“In addition, commodities purchased through these Exchanges are guaranteed to comply with standards in terms of quality and weight.

“Nigeria strives to achieve a sustainably-diversified economy, food security and sufficiency, there is need for all stakeholders to ensure the effective adoption and enforcement of appropriate standards to establish quality, and reverse the embarrassing rejection of Nigerian-produced agricultural commodities outside Nigeria,” he stated.

The SEC Boss assured that the Commission remains a strong advocate for a thriving commodities trading ecosystem adding, “believe, and very strongly too, that this is a project of national importance, given that an efficient commodities ecosystem can transform our economy by promoting economic diversification, and export promotion amongst others”.

In his remarks, the Director General, Standards Organisation of Nigeria Farouk Salim said the role and importance of commodity markets cannot be overemphasized in connecting both producers and consumers in a centralized liquid marketplace and for the economic growth of the nation.

Salim stated that countries with older and better commodity exchanges have historically gained economical advantage over others adding that in support of Nigeria’s readiness to key into the global sustainable commodity market, SON is ready to partner in areas where its services and products are needed including; development of new Standards and review of existing ones.

According to SON DG, “Trading in agricultural produce among which are: Wheat, rice, corn, soybeans, maize, groundnut are growing steadily. There is no gain saying that ‘Without agricultural commodities, the world will starve’. This sector of the commodity market has thus become important in support of the economic diversification policy of the Federal Government.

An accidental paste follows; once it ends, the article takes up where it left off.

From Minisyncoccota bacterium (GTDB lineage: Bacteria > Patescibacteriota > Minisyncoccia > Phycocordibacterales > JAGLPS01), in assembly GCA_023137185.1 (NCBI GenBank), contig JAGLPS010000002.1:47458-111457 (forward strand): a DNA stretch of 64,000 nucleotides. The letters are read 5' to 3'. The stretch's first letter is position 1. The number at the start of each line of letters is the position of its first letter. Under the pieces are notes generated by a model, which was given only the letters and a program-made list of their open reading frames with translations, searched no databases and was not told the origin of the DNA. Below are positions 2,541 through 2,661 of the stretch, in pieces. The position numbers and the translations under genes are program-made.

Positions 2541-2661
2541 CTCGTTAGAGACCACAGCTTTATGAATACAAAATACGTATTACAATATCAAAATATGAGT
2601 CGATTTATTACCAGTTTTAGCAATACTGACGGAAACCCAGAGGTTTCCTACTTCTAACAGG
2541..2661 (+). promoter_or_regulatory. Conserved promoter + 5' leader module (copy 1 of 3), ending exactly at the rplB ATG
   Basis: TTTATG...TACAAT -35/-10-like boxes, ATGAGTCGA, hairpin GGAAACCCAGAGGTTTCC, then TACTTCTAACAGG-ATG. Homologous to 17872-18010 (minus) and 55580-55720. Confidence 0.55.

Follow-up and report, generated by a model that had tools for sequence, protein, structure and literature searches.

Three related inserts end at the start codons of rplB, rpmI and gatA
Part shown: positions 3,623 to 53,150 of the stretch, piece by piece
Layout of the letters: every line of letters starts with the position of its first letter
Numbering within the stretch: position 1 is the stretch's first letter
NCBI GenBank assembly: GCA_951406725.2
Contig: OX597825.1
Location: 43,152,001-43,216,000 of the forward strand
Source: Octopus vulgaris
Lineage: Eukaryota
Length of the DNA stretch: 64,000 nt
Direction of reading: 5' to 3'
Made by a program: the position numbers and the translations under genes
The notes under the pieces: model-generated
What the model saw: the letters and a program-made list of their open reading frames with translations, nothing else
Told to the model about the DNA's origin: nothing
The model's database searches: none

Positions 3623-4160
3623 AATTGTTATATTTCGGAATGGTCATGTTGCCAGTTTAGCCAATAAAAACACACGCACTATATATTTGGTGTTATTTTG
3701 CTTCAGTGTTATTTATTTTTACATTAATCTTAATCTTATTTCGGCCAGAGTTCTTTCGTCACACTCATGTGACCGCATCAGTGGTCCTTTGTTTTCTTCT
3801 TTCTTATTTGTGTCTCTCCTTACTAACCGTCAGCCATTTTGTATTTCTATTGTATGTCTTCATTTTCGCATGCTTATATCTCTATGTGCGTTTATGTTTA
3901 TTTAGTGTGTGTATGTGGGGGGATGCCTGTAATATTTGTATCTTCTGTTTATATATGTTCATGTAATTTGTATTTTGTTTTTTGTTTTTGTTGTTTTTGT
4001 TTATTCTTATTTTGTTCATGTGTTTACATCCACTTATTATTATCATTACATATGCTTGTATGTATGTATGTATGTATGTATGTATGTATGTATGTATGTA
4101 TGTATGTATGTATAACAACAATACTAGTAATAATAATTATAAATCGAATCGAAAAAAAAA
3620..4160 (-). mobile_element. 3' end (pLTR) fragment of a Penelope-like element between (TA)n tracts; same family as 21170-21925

“Commodity standards and grades provide a means for measuring levels of quality and value for agricultural commodities. These standards provide a basis for domestic and international trade and promote efficiency in marketing and procurement.

“In connecting buyers and suppliers, the market ensures that the quality of the commodities exchanged is in accordance with the required guidelines which are none other than Standards. This you will all agree is largely achievable with compliance to quality requirements specified in each commodity standard.

Salim assured that the SON is committed to ensuring that the primary objective of the commodity exchange to offer fair pricing to the producers and deliver genuine commodities to the consumers is continuously achieved through quality production based on conformity to applicable Standards.

In a message, Governor of Kano State Abdullahi Ganduje said the State is at the fore front of enhancing agricultural activities in the state adding that there is also need to be able to reach out to the farmers in the languages they can understand to as to understand the importance of the programme.

Ganduje, who was represented by the Deputy Governor, Nasir Gawuna expressed the need for the farmers to be familiar with the standards first before they can be encouraged to use it in packaging of their products.